She gathers her students and begins her last lecture, telling a story that puts in motion Yuko’s final revenge for what happened to her daughter. This book is told in multiple voices, covering a tragic event that ends up with a final confrontation between teacher and student. This is the ultimate book of building dread.
The Devil Makes Three by Tori Bovalino
This 2022 YA release is a great addition to the dark academia horror sub-genre. It follow Tess and Eliot, who discover an ancient book found in a hidden tunnel underneath their school library. That’s a lot of red flags.
Sure enough, they accidentally release the devil from a book-bound prison. The devil will stop at nothing to stay free, taking everything and everyone out of his way. From possessed ink to murder, Tess and Eliot have to find a way to put the devil back before he comes for them.
Dark Academia and Horror: Academics/Research Gone Wrong
While the majority of dark academia books take place in and about academic institutions, I believe there is a branch of dark academia horror books in the sub-genre, a sub-sub-genre if you will, that is what I like to call: Academics And/Or Research Gone Wrong. Be it investigating haunted houses (i.e. The Haunting of Hill House) or playing god (i.e. Frankenstein), there are academics who think they can go above and beyond the natural laws, whatever the cost. The pursuit of knowledge without limits or repercussions, at least in the minds of the researchers. This can lead to unimaginable horrors, often of our own creation.
Hell House by Richard Matheson
This book takes inspiration from the setup of Shirley Jackson’s Haunting of Hill House and goes maximum horror. It follows a physicist and two mediums who are hired to find out about life after death in a the most depraved of haunted houses, the Belasco house.
Needless to say, they find a lot of data.
Definitely check up on the TWs in this book because there are a lot of them, including rape.
What Moves the Dead by T. Kingfisher
I will never look at rabbits/hares/bunnies the same.
This is a great retelling of Poe’s “The Fall of the House of Usher,” following Alex Easton, a retired soldier who goes to the ancestral home of the Ushers when they find out their childhood friend Madeline Usher is dying.
The dark academia horror branch of this story comes in the form of the British mycologist neighbor visiting an American doctor, both of whom are pulled into the investigation of Madeline’s and the Usher house’s affliction. It was a terrifying delight to read these two scholars of science react as they perform an autopsy on a rabbit they thought was dead.
Nothing But Blackened Teeth by Cassandra Khaw
Similar to Hell House, Nothing But Blackened Teeth is about a group of old school friends who get together in an Heian-era haunted house in Japan to make up for lost time, marry two of them, and also investigate the history of the house, where a bride was buried, with bodies of girls sacrificed to keep her company in the walls.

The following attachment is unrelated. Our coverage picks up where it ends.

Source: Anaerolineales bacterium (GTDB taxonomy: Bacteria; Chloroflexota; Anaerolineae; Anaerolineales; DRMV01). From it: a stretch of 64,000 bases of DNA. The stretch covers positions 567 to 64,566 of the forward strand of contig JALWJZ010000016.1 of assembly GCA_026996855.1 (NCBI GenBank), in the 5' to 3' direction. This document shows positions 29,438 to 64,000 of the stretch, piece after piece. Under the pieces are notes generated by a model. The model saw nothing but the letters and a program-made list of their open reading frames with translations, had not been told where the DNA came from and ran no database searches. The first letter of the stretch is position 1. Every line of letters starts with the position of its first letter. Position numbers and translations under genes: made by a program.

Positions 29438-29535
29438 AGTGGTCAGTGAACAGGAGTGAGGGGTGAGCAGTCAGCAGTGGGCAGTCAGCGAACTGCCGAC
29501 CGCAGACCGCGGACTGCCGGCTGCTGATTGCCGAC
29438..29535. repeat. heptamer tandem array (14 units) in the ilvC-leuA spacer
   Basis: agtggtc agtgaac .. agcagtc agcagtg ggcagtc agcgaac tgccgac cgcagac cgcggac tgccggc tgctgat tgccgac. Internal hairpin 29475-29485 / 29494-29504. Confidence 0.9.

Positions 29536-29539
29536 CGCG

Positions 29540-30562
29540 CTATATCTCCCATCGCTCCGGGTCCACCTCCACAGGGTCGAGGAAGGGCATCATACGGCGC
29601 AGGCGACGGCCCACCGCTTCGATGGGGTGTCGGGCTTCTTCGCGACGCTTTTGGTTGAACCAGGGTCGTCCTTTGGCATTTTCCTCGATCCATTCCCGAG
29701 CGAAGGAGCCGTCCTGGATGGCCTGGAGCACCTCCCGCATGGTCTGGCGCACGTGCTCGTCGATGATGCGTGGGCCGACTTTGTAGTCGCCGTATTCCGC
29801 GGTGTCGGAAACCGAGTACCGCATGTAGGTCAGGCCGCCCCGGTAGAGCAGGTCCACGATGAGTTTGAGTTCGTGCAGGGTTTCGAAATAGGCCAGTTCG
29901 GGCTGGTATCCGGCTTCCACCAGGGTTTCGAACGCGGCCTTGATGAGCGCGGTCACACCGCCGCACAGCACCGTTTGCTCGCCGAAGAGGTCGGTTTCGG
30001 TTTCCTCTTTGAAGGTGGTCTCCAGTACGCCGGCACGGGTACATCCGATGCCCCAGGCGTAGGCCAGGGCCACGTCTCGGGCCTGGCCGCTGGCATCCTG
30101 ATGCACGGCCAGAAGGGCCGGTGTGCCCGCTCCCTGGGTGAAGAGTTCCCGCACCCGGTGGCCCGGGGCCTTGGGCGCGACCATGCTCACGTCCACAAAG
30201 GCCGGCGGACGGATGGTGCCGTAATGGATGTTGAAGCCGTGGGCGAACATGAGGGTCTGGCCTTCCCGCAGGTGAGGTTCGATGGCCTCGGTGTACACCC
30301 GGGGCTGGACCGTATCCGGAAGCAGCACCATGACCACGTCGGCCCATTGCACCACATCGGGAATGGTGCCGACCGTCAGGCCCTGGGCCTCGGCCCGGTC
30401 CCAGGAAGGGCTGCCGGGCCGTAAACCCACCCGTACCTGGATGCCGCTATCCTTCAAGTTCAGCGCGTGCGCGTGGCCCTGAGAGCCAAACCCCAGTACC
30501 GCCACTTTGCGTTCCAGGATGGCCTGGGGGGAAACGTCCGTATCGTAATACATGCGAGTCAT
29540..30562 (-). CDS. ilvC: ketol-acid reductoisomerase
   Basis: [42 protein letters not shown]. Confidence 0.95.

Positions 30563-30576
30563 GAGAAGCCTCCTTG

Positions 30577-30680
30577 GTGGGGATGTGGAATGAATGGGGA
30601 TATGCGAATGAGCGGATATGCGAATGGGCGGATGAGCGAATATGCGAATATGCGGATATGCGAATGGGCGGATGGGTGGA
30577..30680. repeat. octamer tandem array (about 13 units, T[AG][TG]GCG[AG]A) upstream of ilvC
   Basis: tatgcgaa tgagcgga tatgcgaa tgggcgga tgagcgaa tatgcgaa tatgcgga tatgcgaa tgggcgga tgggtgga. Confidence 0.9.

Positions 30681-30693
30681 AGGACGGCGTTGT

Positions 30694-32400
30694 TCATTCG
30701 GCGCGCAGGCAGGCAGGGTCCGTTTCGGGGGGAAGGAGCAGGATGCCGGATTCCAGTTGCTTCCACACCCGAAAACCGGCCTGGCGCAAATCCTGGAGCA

What could possibly go wrong?
Not only is this a great example of an investigation gone horribly wrong, it’s an incredible exploration of grief, the buildup of resentment and old wounds, and relationships that have festered over time.
The Book Eaters by Sunyi Dean
This is an example of dark academia horror, where knowledge is literally ingested in the pages of books. Devon is part of The Family, a long line of people for which books are food, and they are able to retain the knowledge of the pages they eat. While her brothers devoured adventures and tales of bravery, Devon, like the other women in the family, were fed cautionary tales and fairytales.
Things take a much darker turn when Devon’s son is born, and he hungers not for the pages of books, but human minds. This is dark academia horror in its potency, where knowledge itself can be taken into the body.
Dark Academia and Horror: Friends Forever
Dark academia and horror will continue their long relationship as the dark academia sub-genre expands and evolves. I hope to see even more horrific takes exploring dark academia, and even more so, I hope that dark academia brings more readers to the horror genre, because there are some amazing writers out there. For those who do want to delve further into horror, I recommend checking out these Book Riot posts:
- The 50 Scariest Books of All Time
- 25 Must-Read Horror Collections And Anthologies
- The Best Horror From Around The World
Also In This Story Stream
- Dark Academia vs. Chaotic Academia: What’s the Difference?
- Why Demonic Prep Boys Keep Appearing in the Dark Academia Canon
- The Best Dark Academia in Science Fiction and Fantasy
- Class Action: 8 of the Best Dark Academia YA Fantasy Books
- 8 Dark Academia Manga and Manhwa
- Why Dark Academia is Perennially Popular